Headlining the Native Vote rallies were by performances comedy sketch group the 1491s and musician and activist Frank Waln. Four Directions Inc. Executive Director, O.J. Semans said, “American Indian voters are a historically disenfranchised group and it is important that our voices are heard in the political process. Rallies like these help bring awareness and excitement about the power of the Indian vote.”
The American Indian population in South Dakota is the fastest growing demographic group in the state, and has swayed elections in the past, including Senator Tim Johnson’s race in 2002 and more recently the Rapid City Mayoral election. “We know the power of the Indian vote what we can do when we are united,” said SD NDN PAC Director and House Representative Kevin Killer. “We just have to get out and vote.”
The 1491s, a nationally recognized comedy sketch group was a big draw for rally attendees. Group member Dallas Goldtooth said, “It’s amazing that we can bring a message of empowerment to people through our humor.” He went on to say, “the people we elect are going to have a say on issues important to Indian people – issues like the KXL Pipeline.”
The rallies also featured Frank Waln, who was recently dubbed the new voice of Indian country at a concert where he opened for Willie Nelson and Neil Young in front of 7,000 people. “We as Natives have so much to offer, yet we’ve been pushed back for so many generations,” said Waln. “Through our voices, through voting we can make a better life for future generations.”
Senate Candidate Rick Weiland spoke at all three rallies, where he shared his trademark musical message with potential voters. All statewide candidates were invited to the Native Rally. Republican Mike Rounds was unable to attend due to scheduling conflicts, and Independent candidate Larry Pressler did not respond to the invitation.
Four Directions and SD NDN PAC are continuing to increase American Indian voter participation through voter registration, early vote campaigns, voter score cards, voter protection programs, and get out the vote activities.
MISSION, SD – Local residents who attended the Lakota Vote Rally were asked to participate in the November 4 Election by telling nine of their friends to vote.
“Go get me nine votes,” stated Rick Weiland, Democratic candidate for South Dakota’s US Senate seat. “Talk to people in the grocery store, make nine phone calls or send out nine emails telling people to get out and vote.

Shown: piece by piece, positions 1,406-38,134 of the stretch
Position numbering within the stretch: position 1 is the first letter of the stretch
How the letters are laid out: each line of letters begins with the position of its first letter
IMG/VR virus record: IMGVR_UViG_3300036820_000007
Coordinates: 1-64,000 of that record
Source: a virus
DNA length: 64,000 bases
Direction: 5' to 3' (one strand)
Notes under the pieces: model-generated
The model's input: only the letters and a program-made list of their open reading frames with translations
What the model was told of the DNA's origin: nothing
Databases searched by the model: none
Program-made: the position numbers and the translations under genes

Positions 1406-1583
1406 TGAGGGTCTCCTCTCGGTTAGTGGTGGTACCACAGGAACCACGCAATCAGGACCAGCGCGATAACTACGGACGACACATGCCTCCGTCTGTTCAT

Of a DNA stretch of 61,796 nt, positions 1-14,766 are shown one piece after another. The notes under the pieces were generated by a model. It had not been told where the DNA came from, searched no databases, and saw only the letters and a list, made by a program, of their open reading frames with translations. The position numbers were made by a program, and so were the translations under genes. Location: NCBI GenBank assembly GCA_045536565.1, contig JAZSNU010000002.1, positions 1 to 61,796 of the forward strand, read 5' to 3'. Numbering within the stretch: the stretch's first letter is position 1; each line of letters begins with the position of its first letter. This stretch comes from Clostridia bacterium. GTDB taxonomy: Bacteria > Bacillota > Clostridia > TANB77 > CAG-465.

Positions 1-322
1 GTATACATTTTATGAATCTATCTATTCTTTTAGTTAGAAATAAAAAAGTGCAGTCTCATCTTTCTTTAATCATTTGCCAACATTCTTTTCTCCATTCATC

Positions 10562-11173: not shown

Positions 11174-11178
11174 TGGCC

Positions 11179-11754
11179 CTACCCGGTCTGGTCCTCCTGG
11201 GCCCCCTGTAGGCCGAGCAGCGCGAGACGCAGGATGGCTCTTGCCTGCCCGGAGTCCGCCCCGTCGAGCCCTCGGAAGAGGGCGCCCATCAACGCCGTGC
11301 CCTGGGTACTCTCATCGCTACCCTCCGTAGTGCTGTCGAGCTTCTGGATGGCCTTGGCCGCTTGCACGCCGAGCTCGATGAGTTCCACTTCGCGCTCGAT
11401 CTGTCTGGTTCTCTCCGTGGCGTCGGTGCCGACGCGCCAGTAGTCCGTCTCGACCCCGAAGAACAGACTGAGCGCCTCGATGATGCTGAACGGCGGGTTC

Current representation in Washington, DC have turned down $272 million dollars a year, according to Weiland. That money would have been used to expand Medicaid under the Affordable Care Act (ACA).
Weiland also urged those in attendance at the rally to vote yes on Initiated Measure 18, which will raise the minimum wage from $7.25 to $8.50 per hour effective January 15, 2015. The rate will also be adjusted each year to keep up with cost of living increases and 62,000 South Dakotans would be affected. People could get “a little bit more [in their paycheck] every two weeks if we get out and vote,” he said.
“I am unabashed in my opposition to the Keystone XL pipeline,” stated Weiland. KXL will “cut through the heart of America to ship dirty tar sands through a cheap steel pipe from China. It is going to leak, it will not give us jobs. I will fight to my last breath to stop KXL.”
Weiland has been endorsed by all nine tribes in South Dakota. “We can do better by our tribes,” he said. “We’ve neglected our treaties and tribes, we need to turn that around here in South Dakota. Weiland also gave a musical performance with local artist Skeeter Leader Charge during the rally.
“Until we get a democrat in the Governor’s office there will not be a balance of power,” stated Susan Wismer who is on the ballot for South Dakota Governor.
“It is very important and critical to get out and vote,” stated Wizipan Little Elk. “It used to be that tradition was when we didn’t support something we would walk away from it or not show up. That might have worked a long time ago but now it’s a different world. We have to make our voice heard. We need to develop a culture of voting and participating, instead of turning our backs and not voting.”
“Vote for your interest,” stated OJ Semans of Four Directions. “Vote for what moves you and your people. Our ancestors fought to protect the land and water. We all have an obligation to do the same.”
Entertainment was provided by Frank Waln, Rosebud’s own hip-hop artist. “We need to vote because no one is going to come and save us, we have to do that ourselves,” he said. Waln was also joined on stage by local singer Kodi DeNoyer, who performed with him previously in the Nake Nula Waun group.
The 1491s Comedians also made an appearance and kept the crowd laughing with their hilarious skits. The group has several YouTube videos online. Dallas Goldtooth, Ryan Red Corn and Bobby Wilson also performed at rallies held in Kyle and Rapid City.
“The secret of this election and whether we win or lose, are the votes that will come out of Indian Country,” stated Weiland.
Click here to view and check back for updates! Thanks for looking!